Who's on your teaching list?

X — Your office is incredibly quiet and peaceful. Don’t you have any angry customers or suppliers calling from time to time?

Me — I tend to visit Lean offices and workshops these days, so I can’t compare to your place, but apart from the machines’ noise most are indeed pretty focused on the job at hand.

X — You’ve got to tell me the secret: I’m desperate for a smooth and tranquil day at work.

Me — Sorry, but the secret is « there’s no secret ». Take a problem, try to get to the bottom of it with whoever can do something about it, rinse and repeat.

X — But I’m bombarded by calls and texts and emails from just about everybody in my company: it feels I have to be on top of everything all the time.

Me — So who is on your teaching list?

X — What do you mean? I’m no teacher. I’ve barely enough time to give directions or instructions when called upon.

Me — So why are they calling you, maybe you’re the one having a problem? If your goal is « having a smooth and tranquil day at work », surely receiving impromptu text messages all day long is a pretty big gap from this ideal scenario.

X — And you think teaching a few people there or here would help?

Me — You’re right maybe I was a little too presumptuous. Maybe you could start understanding a little more about who’s calling you most often. Is it the sales guy or the shop floor manager? The graphic designer or the accountant?

X — Well it’s definitely not the accountant: she’s on maternity leave and I have to fill up her job as well…

Me, joking — And I hope it’s not your banker! But more seriously who’s calling you the most?

X, frustrated — Hmm, I would have to check on my phone and it would take a little bit of precious time. Do you really think that’s the most pressing issue I should be addressing right now?

Me, shrugging — I don’t know. I’ve made my own choice for the kind of work environment I wanted years ago. But the Lean literature says you can or should start with angry customers and their complaints. And I have a feeling you most direct customers - your own team - are quite vocal…

X, irritated — But they’re not my customers, they’re my team! They should be working for me.

Me, whispering — I think I’ll keep the kanban cards at bay for the time being…

X — Sorry, I didn’t quite hear your last phrase.

Me, aloud — Remind me of visiting your customers' service if I ever get a chance to visit your office…

Reading books to anchor knowledge, after practice

I’ve been for 5 years on a Lean journey and I’ve read countless books about the topic : wandering through my personal library, I can actually count 26. Though not « countless », it’s still a sizable lot.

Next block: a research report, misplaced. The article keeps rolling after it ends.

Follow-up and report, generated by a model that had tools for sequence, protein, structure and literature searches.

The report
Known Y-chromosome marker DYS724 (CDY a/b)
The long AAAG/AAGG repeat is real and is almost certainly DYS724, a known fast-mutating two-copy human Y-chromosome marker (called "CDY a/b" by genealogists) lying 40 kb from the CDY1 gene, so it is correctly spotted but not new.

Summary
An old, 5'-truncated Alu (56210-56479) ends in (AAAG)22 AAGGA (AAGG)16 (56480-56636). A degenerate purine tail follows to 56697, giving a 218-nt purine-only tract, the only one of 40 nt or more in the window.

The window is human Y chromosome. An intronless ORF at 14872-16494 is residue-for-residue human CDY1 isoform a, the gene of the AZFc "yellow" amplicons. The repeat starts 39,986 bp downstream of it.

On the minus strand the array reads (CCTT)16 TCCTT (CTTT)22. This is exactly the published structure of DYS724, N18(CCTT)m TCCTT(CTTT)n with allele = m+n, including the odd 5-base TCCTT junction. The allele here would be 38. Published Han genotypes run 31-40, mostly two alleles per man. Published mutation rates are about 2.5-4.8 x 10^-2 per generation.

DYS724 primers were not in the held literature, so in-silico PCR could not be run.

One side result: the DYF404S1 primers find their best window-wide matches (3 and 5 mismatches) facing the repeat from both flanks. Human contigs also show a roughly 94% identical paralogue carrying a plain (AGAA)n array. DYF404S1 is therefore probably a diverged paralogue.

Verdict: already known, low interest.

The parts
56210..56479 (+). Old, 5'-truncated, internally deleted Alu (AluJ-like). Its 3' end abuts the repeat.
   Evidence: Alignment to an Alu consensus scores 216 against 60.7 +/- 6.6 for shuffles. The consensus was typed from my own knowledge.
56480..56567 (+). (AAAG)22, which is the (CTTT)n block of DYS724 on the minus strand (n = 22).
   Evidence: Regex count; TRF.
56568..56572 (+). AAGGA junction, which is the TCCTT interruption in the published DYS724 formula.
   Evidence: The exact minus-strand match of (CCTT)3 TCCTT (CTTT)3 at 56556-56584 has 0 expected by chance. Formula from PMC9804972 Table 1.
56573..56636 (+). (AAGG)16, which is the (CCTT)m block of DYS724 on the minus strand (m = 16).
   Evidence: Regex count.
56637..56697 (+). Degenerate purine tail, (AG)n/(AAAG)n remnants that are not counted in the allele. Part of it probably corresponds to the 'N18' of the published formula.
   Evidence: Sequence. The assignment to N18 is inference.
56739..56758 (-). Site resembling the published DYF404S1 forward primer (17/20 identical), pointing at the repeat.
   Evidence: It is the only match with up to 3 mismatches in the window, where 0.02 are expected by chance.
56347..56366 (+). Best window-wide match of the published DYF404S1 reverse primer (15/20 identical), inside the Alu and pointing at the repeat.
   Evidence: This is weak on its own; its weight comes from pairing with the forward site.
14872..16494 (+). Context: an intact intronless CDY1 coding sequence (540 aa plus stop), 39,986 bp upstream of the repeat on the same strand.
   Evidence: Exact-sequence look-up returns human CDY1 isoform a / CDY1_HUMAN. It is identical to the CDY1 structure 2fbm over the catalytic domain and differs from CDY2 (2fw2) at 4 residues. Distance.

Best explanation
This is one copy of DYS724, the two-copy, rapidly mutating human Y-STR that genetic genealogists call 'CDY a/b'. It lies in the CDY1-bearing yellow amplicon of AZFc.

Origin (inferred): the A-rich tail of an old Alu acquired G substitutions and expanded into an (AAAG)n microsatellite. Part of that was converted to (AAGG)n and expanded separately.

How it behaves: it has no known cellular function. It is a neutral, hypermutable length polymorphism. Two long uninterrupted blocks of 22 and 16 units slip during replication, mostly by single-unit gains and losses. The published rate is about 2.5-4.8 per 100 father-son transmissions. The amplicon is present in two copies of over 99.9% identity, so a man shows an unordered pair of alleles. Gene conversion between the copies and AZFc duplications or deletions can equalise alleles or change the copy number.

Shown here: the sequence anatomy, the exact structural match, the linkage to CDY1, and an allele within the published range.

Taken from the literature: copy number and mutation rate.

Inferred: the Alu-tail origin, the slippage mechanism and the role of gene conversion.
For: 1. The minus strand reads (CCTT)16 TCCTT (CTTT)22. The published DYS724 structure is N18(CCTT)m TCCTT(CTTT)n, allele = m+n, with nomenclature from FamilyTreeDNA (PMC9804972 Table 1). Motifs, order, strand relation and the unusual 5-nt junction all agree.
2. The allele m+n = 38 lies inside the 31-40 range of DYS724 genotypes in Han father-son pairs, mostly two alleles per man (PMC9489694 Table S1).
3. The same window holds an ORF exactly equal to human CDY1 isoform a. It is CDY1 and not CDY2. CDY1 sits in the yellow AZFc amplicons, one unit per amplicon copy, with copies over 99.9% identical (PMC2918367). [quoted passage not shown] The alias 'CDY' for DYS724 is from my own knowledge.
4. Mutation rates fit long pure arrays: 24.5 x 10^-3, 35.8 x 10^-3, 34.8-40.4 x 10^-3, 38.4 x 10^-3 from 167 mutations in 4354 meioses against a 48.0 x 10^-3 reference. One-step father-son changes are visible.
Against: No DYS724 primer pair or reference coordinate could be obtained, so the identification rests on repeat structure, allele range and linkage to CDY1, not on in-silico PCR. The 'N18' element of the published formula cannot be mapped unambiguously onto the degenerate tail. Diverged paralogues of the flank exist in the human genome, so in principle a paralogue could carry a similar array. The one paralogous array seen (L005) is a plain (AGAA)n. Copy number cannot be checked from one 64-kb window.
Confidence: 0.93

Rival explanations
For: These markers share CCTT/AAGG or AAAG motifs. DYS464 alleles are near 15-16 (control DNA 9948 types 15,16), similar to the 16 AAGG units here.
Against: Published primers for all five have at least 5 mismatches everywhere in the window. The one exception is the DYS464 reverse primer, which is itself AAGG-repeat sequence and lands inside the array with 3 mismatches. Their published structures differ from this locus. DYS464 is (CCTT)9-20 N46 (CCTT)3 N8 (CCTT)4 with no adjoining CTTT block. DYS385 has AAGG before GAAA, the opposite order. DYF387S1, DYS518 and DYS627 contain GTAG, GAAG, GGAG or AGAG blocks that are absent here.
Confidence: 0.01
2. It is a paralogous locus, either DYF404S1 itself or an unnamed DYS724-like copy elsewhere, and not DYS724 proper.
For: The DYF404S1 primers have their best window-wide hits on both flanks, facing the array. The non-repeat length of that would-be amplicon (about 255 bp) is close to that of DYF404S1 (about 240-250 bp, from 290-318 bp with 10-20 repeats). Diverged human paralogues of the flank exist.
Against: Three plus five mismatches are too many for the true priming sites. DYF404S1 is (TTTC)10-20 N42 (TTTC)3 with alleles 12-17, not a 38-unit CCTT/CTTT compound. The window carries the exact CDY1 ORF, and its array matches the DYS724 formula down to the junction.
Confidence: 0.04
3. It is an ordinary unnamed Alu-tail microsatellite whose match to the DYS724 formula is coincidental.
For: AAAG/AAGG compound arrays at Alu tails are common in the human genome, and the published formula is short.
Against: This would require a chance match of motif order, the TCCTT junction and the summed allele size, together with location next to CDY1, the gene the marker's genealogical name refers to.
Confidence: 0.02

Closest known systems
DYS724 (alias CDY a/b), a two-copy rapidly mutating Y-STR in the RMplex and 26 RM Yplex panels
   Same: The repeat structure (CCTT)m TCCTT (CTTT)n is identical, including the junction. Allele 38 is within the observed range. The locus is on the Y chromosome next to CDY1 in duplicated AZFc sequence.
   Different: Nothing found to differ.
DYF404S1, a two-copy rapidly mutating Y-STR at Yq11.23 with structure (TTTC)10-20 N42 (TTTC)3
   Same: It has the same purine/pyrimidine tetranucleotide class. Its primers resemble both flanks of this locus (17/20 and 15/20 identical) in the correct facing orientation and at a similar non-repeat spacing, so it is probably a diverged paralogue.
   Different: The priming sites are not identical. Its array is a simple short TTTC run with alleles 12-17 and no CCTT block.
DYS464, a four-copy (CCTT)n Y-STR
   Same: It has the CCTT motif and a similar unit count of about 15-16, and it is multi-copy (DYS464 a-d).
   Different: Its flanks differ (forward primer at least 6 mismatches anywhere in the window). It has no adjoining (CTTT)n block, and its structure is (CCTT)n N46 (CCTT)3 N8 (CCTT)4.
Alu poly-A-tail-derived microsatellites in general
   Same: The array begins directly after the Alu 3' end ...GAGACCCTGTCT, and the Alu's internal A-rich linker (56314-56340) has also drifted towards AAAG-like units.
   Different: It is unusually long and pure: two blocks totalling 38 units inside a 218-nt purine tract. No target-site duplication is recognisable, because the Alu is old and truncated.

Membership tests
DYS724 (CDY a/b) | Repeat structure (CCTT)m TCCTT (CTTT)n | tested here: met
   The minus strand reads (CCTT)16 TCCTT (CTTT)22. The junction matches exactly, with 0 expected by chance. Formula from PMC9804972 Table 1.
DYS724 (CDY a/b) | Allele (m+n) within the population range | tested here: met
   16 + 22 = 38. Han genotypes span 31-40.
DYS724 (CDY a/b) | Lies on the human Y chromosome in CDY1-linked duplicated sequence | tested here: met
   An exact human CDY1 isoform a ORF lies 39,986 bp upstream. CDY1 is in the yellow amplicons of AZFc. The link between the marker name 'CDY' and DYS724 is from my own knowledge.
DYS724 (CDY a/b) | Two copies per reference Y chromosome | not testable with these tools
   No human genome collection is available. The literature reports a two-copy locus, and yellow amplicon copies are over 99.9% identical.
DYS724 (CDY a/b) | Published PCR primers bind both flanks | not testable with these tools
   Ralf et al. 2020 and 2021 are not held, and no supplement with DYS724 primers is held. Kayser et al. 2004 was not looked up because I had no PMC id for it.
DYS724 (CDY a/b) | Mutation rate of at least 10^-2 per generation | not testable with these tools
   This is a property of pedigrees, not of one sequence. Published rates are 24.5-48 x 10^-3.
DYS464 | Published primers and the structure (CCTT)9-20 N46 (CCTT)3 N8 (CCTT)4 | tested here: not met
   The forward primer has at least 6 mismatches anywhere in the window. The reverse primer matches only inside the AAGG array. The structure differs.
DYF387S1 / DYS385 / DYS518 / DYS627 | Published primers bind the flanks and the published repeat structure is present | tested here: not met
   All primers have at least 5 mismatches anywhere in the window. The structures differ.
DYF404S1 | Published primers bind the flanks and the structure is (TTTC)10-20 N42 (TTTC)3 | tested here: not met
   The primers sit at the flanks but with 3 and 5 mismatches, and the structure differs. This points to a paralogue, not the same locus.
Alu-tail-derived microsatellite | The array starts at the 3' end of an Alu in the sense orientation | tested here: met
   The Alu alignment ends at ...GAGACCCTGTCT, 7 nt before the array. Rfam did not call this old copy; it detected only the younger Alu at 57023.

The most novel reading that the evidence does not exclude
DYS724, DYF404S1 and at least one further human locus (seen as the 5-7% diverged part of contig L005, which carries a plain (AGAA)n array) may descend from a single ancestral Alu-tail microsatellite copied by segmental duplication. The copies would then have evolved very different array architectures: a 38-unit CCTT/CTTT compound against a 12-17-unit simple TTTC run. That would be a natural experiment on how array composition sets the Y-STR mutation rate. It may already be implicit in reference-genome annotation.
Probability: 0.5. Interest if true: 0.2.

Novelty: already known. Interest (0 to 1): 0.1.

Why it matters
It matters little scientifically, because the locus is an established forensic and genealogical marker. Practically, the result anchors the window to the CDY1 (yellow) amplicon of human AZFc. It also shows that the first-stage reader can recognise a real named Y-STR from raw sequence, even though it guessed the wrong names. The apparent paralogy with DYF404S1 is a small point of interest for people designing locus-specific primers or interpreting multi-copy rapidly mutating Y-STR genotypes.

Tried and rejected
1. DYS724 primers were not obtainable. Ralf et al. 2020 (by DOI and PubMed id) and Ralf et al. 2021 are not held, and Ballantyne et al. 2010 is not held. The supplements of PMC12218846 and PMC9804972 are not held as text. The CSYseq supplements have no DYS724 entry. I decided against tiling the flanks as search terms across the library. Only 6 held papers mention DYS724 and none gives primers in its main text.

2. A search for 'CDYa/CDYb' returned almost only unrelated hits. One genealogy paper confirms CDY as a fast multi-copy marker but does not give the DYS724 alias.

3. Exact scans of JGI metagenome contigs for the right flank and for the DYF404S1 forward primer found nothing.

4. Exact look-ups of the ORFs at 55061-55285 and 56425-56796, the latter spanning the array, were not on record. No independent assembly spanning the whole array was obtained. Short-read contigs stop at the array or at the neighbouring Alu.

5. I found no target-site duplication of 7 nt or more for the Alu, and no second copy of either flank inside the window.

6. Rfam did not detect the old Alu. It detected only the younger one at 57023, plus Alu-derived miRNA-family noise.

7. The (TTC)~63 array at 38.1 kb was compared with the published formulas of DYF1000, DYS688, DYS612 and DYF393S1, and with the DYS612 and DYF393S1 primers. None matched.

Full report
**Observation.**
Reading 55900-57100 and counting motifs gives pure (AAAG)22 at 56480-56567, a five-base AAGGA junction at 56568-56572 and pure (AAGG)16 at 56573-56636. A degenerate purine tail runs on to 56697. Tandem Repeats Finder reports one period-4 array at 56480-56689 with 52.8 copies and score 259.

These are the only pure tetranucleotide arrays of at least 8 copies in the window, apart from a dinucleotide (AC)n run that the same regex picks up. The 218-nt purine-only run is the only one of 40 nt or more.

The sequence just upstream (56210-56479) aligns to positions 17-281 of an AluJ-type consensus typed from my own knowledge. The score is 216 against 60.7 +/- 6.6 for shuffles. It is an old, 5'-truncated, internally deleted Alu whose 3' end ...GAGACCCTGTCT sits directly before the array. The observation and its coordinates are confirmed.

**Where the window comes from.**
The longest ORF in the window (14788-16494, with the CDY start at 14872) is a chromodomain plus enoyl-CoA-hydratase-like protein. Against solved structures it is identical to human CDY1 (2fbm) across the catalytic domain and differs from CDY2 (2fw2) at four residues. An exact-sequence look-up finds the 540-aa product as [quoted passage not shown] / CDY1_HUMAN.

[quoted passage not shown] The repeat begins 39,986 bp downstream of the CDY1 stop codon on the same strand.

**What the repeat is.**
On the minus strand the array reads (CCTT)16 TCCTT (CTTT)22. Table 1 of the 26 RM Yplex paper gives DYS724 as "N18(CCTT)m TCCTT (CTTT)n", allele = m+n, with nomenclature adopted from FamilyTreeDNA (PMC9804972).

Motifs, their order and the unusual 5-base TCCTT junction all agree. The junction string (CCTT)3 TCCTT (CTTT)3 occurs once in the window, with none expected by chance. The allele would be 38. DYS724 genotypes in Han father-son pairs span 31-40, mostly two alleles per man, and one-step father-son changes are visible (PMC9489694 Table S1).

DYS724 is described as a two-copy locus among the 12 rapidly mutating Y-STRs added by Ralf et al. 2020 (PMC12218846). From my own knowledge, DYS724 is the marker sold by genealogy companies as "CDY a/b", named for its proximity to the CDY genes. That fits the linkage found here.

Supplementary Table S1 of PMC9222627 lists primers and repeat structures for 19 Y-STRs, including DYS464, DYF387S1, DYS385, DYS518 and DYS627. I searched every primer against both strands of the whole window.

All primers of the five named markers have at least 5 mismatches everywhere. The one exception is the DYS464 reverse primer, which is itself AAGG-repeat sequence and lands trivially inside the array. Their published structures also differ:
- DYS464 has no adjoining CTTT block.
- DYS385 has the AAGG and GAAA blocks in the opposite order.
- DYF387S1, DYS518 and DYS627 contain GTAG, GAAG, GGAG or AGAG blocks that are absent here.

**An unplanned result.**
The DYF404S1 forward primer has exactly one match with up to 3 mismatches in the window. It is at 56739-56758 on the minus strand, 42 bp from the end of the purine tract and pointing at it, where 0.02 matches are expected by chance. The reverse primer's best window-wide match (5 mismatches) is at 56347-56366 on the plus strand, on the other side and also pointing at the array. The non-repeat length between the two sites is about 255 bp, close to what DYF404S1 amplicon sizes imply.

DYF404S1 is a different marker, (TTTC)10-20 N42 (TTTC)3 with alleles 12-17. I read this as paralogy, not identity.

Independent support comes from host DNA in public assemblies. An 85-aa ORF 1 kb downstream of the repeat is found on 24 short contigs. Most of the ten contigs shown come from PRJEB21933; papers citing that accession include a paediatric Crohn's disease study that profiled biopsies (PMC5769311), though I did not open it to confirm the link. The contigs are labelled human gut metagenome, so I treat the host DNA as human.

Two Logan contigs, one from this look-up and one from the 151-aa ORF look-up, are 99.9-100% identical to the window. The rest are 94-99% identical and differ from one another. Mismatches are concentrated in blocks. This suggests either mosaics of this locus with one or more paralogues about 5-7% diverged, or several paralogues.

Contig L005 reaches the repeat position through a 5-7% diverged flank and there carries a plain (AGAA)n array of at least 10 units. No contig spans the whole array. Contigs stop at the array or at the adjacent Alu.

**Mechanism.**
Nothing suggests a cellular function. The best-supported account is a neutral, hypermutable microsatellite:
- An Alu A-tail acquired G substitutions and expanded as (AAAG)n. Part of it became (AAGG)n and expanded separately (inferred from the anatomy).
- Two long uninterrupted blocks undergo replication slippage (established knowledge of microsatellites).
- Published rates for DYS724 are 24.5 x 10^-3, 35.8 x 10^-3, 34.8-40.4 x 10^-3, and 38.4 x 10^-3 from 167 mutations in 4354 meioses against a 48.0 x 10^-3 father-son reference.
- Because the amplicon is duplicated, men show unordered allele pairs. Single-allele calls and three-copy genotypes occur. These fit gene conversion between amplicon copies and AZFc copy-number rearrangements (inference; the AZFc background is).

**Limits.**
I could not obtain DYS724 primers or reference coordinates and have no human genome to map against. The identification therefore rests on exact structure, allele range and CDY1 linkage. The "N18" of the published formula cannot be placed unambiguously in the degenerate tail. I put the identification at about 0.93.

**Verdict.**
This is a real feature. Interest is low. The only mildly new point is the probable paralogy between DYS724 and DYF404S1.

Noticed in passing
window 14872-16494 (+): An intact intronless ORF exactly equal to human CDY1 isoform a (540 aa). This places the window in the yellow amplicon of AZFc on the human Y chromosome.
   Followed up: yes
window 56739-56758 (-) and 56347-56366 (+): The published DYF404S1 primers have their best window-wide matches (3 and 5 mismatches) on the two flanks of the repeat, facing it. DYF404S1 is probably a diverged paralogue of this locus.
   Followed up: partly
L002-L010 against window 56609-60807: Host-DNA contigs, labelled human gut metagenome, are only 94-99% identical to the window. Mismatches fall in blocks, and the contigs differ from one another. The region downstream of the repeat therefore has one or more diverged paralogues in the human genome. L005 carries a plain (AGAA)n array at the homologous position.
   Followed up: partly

Unfortunately there’s no shortcut from reading a book to practicing lean on the Gemba. And I start to feel the arrow of usefulness flies in the other direction as well : first you practice techniques with your team and then it’s time to anchor the knowledge through book reading.

At the turn of 2022, I decided to have another go at mandating kaizen work for all my team. But I decided my focus would be less on the actual results (which had lead to dwindling energy output over long periods) and more on the interactions between team members.

And off course, when I re-opened earlier this week Lead With Lean by Michael Ballé, I was struck by an article about the Standard Work for CEOs?

Lean thinking brings in a major change for managers: training their direct reports becomes their number one responsibility.

Lead With Lean
Lead With Lean, an excerpt from page 205 : Standard Work for CEOs?

The ink hadn’t moved: I did read that page back in 2017 but it didn’t make an impact then. And now the words do… I guess I should re-read books more often !

Building psychological safety to make great teams

When Google published the result of its Project Aristotle back in 2016 on what made great teams, a concept stood out : psychological safety. That’s when "team members feel safe to take risks and be vulnerable in front of each other". It was the number one factor in their original paper.

After the successful NUMI experiment, Toyota decided to build its own plant in the US in the early 1980’s, Georgetown - Kentucky was chosen and a group of mentors (ie. senseis) was sent from Japan to teach, train and guide the newly recruited management team.

Steven R. Leuschel went back to this group of American employees in order to gather their views 30 years later for his PhD. The book Sensei Secrets: Mentoring at Toyota Georgetown was the end result. And guess what: it’s the notion of protection that stands out.